I recall reading (a long time ago) that if you are checked into a hotel and need to stay past the reservation date, they are not permitted to throw you out.

I ask because I was about to make a Thursday - Sunday reservation and see that Saturday night is blocked out. I'd like to know if I check in Thursday, but try to stay past Saturday checkout, if the rules for hotels allow me to stay. This is a US question, and of course, I'm paying for the room.

Update - The North Carolina law states -

A written statement setting forth the time period during which a guest may occupy an assigned room, signed or initialed by the guest, shall be deemed a valid contract, and at the expiration of such time period the lodger may be restrained from entering and any property of the guest may be removed by the innkeeper without liability, except for damages to or loss of such property attributable to its removal.

So, yes, it's by state, and no, I can't stay. Will book hotel a few blocks away.

  • 5
    Even if you do have some right to stay on, I doubt there'd be anything to stop them from changing the price for the extra nights. You know that insanely high rate that's posted on the little card on the inside of the door of the room? Are you prepared to pay that much? Commented Aug 29, 2015 at 15:40
  • 16
    Such rumors are often based on misunderstandings of laws that regulate when and how landlords can evict tenants from their rented homes. Those laws generally don't apply to temporary accommodation such as hotel rooms, though this may not be apparent from isolated quotes from the laws -- one may have to crossreference with definitions and scope clauses elsewhere in the laws in order to deduce that. Commented Aug 29, 2015 at 16:56
  • 2
    Why don't you walk down to the reception (or even just call them) and ask how much it would be to extend your stay? Maybe they can do something for you. The information on the website might not be accurate, particularly as the maximum number of bookings ≠ total number of rooms.
    – Calchas
    Commented Aug 29, 2015 at 21:37
  • 8
    How would you feel if, when you went to check in on Thursday, it turned out there was no room available because another guest had stayed past the end of their reservation? Commented Aug 30, 2015 at 5:59
  • 1
    @PatriciaShanahan - Airlines and hotels routinely overbook. I am 50+ and had a job that had me traveling 3-4 times a year. Not a lot for many people, but enough that I experienced being bumped from both. When I was bumped from the hotels, which I thought was simply overbooked, I got a better hotel, better room, and the same price was given to me as my reserved hotel. So, honestly, I felt pretty good. To Nate's comment, the guest who overstayed his welcome was probably charged a higher rate, so he was paying for my better hotel/room higher cost. Commented Aug 30, 2015 at 11:52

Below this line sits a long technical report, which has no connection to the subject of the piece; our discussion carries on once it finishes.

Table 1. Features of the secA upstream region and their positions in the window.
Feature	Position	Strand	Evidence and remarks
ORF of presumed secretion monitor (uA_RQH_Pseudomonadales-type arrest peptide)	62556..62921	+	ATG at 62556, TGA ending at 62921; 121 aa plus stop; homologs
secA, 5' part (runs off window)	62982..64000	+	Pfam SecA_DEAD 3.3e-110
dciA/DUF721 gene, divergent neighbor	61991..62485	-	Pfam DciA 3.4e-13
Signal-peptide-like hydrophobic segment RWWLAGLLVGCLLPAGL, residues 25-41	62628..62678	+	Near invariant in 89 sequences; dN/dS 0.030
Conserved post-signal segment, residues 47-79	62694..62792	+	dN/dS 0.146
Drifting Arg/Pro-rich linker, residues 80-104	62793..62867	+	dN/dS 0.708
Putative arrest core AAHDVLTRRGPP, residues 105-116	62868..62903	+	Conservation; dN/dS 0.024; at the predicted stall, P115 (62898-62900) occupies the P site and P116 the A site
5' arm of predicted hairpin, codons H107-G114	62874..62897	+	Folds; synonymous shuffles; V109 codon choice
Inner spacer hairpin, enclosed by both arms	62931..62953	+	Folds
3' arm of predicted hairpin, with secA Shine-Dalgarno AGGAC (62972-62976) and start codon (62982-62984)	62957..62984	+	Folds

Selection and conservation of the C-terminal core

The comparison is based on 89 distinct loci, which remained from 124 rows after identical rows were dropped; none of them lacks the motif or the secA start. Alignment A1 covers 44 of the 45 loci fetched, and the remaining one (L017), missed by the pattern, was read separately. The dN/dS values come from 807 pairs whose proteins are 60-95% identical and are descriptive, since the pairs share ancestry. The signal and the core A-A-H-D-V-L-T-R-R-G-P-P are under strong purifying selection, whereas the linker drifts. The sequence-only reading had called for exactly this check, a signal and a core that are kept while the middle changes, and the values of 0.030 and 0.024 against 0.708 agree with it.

2 Answers 2


The answer will vary from state to state but states do have laws regarding guest eviction and quite a few of them have rules for evicting guests for overstaying, e.g. Washington:

If a guest fails to leave when he is not entitled to remain at the hotel, then the guest is in violation of this statute (RCW 9A.52.070). The police are required to enforce this law and remove the guest. The law is an important tool and should be part of your discussion with local law enforcement before any incident actually occurs.

So the issue will need to be addressed state by state as it is not a federal matter. Now as far as whether or not the hotel will choose to apply this rule is up to the hotel but if it's booked solid they are more likely to do it.


They can ask you to leave, and have the right to enforce it, as you are overstaying your agreement with them. It is however completely at their discretion. Because hotel cancellations are frequent though, there may be a room available by the time your arrive or before your scheduled departure date. The best is to ask politely the reception every evening until you get a yes.

Usually rooms are held for reservations until a certain time, say 10 PM for example, so if you get to know what the time is, ask just after since this is when there is the most likely for a room to become available. Some rooms are usually held by consolidators who book blocks of room to rent out for a profit, those not rented simply become available when the reserved day arrives.

Some hotels will let you extend your stay even if no room is available. They may move you to another type of room or move the displaced guest elsewhere, possibly to another hotel. This has happened to me once when I had a reservation, already paid in full, and the hotel had let guests overstay. They booked me a room in another similar category hotel a few blocks away, paid my taxi there and gave me a voucher for a rather expensive meal at a nearby restaurant. They also got the other hotel to give me free WiFi.

You must log in to answer this question.

Not the answer you're looking for? Browse other questions tagged .